“The Friday before the Travers was the most beautiful Friday in Thoroughbred racing history that anyone could imagine. There were 15-20,000 people coming in, just to watch a horse exercise. But it was too much for him, in terms of what it took out of him. He ran his race the day before the race, it was as simple as that. That’s what the trainer is telling me. That’s what everyone is telling me. Look at the splits he did. He ran a race the day before a race. How he ran in the Travers is nothing but incredible. It was all heart. He was spent, empty. He had never washed out or sweated in the gate before.
“For a mile and a quarter on a deep track he was pushed by one overzealous jockey (Jose Lezcano on Frosted). I don’t want to sound like a sore loser, but American Pharoah put the other horse away and then that horse, Frosted, who’s a great horse, came back and won the Pennsylvania Derby. Then (Keen Ice), who American Pharoah had beaten three times before, with a brilliant jockey (Javier Castellano) who knows the track and leads in all categories in the country, took advantage of that and caught us at the wire (in the Travers). It’s as simple as that.
“That being said, he never would have been beaten if he hadn’t run his race the day before. That’s why I was so despondent after the race. I had thought he lost a step. My first inclination was to protect the horse. He’s like a son to me. You want to make sure he’s OK. It’s like when a child is in a car accident and is at the hospital. You don’t worry about what’s next. You worry about if they are OK and that was my immediate reaction and I spoke about retiring him. But then Bob and everyone else convinced me he was fine.
“Why there’s no regret is that no one could have predicted what would happen on Friday with all those people and the track announcer calling his name. He thought it was a race and started running in 13 and 14s and he worked only a few days before. It was insanity. Everyone got overzealous about it and I’m not throwing anyone under the bus here.
“Bob will be the first to tell you what happened. I‘m the last one to give excuses. It’s not my style in my management or my life. I don’t look for excuses but, in spite of all that, just look at how close he came to winning. So when you make the right decision, how can you have regrets? I promised the fans he would run at Saratoga if he had an easy race and won at Monmouth. The people at Saratoga wanted it and they deserved it. It wasn’t about money. I could have made more money running in the Pennsylvania Derby.”
What was your feeling about the way people at Saratoga embraced American Pharoah for the gallop and race?
“I walked into the track and it seemed like all of Saratoga was there that Friday morning. Then for the race there were 50,000 people inside the track, more outside and everyone in town who couldn’t get in was watching on television. It was a moving experience. Even after he lost, there was a standing ovation and people were thanking me for running and hugging me. Never in my life had I experienced anything like that.”
Aside from his performance in an individual race, is there a particular moment with American Pharoah that stands out in your mind?
“Every moment stands out. I know it sounds corny but every day with him is a special day. My wife and I actually have an app on my phone and we installed cameras in his stall so that myself, the kids, Bob and Jill Baffert and their kids can watch him all time. I can see him right now in his stall as I’m talking. We are bottling every second of this. I don’t want to be away from him.”
What’s more likely to happen? We’ll see another Triple Crown winner within 2-3 years or we will have to wait another 37 years for one?
"I hope it happens soon, because that’s what this horse gave the industry, hope. He’s an incredibly special horse, and with the nature of progression, with my son being better than me, me being better than my father, I hope we can continue to breed great horses and have another athlete like American Pharoah. It won’t take away from his legacy.”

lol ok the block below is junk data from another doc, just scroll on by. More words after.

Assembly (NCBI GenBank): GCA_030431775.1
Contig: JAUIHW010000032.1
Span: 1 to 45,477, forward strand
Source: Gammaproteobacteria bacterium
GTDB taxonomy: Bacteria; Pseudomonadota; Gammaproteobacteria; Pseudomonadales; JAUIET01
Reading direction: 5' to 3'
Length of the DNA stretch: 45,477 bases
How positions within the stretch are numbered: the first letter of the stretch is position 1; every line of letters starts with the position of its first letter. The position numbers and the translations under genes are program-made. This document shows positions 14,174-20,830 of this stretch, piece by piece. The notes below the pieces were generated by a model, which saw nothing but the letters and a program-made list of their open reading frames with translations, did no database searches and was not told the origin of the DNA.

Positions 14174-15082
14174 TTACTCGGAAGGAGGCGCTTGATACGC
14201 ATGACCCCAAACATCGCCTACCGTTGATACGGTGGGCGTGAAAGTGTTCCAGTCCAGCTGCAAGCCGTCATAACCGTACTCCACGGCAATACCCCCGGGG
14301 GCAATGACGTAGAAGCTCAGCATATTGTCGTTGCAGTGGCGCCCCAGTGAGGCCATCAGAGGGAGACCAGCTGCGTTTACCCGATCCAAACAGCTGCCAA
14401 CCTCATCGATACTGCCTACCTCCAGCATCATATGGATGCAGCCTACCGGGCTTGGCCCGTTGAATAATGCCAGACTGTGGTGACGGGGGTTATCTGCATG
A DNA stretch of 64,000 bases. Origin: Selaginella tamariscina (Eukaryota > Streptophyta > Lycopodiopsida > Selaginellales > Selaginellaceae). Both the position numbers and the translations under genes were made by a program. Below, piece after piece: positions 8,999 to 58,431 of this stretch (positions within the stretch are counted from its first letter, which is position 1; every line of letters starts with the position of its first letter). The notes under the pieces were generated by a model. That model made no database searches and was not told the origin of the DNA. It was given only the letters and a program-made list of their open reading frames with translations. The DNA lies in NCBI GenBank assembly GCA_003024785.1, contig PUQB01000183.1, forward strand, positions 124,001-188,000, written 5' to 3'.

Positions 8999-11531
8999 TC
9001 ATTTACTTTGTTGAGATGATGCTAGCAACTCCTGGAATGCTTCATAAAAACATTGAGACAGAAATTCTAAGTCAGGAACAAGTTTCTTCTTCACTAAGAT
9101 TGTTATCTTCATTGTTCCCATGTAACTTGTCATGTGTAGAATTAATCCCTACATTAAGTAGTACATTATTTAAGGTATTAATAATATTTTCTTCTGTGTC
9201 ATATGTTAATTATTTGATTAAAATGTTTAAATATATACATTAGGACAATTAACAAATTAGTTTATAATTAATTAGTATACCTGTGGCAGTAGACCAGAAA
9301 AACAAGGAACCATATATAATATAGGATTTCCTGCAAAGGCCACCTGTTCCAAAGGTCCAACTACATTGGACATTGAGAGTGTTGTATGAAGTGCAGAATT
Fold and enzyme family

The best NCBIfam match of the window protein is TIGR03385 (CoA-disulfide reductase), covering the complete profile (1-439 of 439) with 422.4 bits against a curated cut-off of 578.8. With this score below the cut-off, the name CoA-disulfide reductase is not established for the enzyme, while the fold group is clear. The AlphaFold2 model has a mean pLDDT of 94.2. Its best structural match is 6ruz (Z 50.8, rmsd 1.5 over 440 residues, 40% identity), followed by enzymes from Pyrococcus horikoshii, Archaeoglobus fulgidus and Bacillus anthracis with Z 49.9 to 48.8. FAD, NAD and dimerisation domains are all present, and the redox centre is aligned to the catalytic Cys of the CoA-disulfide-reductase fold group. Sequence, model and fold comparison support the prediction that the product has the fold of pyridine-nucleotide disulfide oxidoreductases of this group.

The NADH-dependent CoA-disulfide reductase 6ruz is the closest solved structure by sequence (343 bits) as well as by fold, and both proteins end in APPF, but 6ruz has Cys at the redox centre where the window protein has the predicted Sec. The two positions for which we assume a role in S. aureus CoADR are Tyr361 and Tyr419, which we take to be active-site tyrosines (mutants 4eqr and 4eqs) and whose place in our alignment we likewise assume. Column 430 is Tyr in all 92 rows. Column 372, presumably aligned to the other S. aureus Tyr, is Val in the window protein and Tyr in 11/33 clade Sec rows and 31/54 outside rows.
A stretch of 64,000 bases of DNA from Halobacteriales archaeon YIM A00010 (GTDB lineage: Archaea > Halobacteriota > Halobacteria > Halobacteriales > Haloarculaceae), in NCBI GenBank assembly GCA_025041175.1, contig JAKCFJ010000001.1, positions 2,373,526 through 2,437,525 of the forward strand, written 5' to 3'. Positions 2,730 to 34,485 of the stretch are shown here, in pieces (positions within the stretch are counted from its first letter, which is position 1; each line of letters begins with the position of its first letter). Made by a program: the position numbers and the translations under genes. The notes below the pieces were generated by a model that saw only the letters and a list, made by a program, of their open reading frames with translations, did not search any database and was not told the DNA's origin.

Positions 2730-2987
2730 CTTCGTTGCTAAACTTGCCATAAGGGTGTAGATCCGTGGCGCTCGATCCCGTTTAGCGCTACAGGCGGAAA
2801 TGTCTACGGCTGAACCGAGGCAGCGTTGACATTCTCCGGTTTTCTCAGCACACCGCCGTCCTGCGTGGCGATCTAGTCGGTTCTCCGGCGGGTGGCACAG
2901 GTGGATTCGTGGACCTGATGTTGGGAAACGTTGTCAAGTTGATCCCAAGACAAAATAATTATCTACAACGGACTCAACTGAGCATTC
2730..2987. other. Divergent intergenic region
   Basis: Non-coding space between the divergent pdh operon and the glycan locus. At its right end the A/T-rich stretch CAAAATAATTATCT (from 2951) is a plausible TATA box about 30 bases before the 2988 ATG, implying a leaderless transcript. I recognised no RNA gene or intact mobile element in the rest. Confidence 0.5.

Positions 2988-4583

Aside from American Pharoah, at stud next year you will have his sire, Pioneerof the Nile, and a few other promising young sires, such as Bodemeister. Is it fair to say you will be more active on the breeding end of the business in future years?
“Of course. We’ll have 14 stallions. It has been an incredible, sustained run for someone who entered the business not long ago. It has been an unbelievable blessing.”
After all you’ve been through this, do you still get excited watching one of your horses in a maiden or allowance race?
“We won two races the other day and we were jumping up and down. It will never get old.”
What do you envision next year will be like for you?
“That’s something I’m not ready to talk about.”
If there’s something you could change in racing, what would it be?
“There’s plenty. I have chosen not be a part of any boards, and I could be on plenty, because I want to be independent and speak my mind. I want to be the voice of Ahmed Zayat. Racing must and should have a commissioner, a czar. The industry needs to be better organized. The rules about medication need to be standardized in all states. There has to be a level playing field.
“The horseplayers are the backbone of the industry and we’re not doing enough to attract new fans and we need to do more to uplift the image of the sport in terms of gambling, medications, cheating. And this is not a problem facing only racing. Other sports have the same problems, but they are doing a better job of handling them than we are.”
How do you look back on some of your difficult or disappointing moments, such as the runner-up finishes in the Kentucky Derby, Paynter’s illness, American Pharoah’s missing the Breeders’ Cup? How did you maintain a positive outlook and did they make this year even more special?
“You try to make the best of everything. When you get knocked down, you stand up and take it like a man or a woman should. You move forward and then bottle these special moments of success. These are athletes and injuries are a part of it. It’s not a question of if it will happen but when. It’s natural, even for humans, to suffer an injury in training. You have peaks and valleys and the highs are very high and lows are very low and you have to adapt to it and be an optimist, which I try to do. It doesn’t mean you won’t get upset, depressed or sad, but you have to lift yourself up.”
For the last 42 years, Penny Chenery has been known as Secretariat’s owner. How do feel about being American Pharoah’s owner for the rest of your life?
“It’s very much a privilege, an honor to own this horse and I hope we are doing right by the horse, the sport, the fans and we have tried to be the best ambassadors – and I say ambassadors because it’s not just me, it’s my family, my trainer, my jockey, my groom, the whole team – by opening our hearts and our barn to everyone, to let them share in the celebration and make it memorable and lasting.”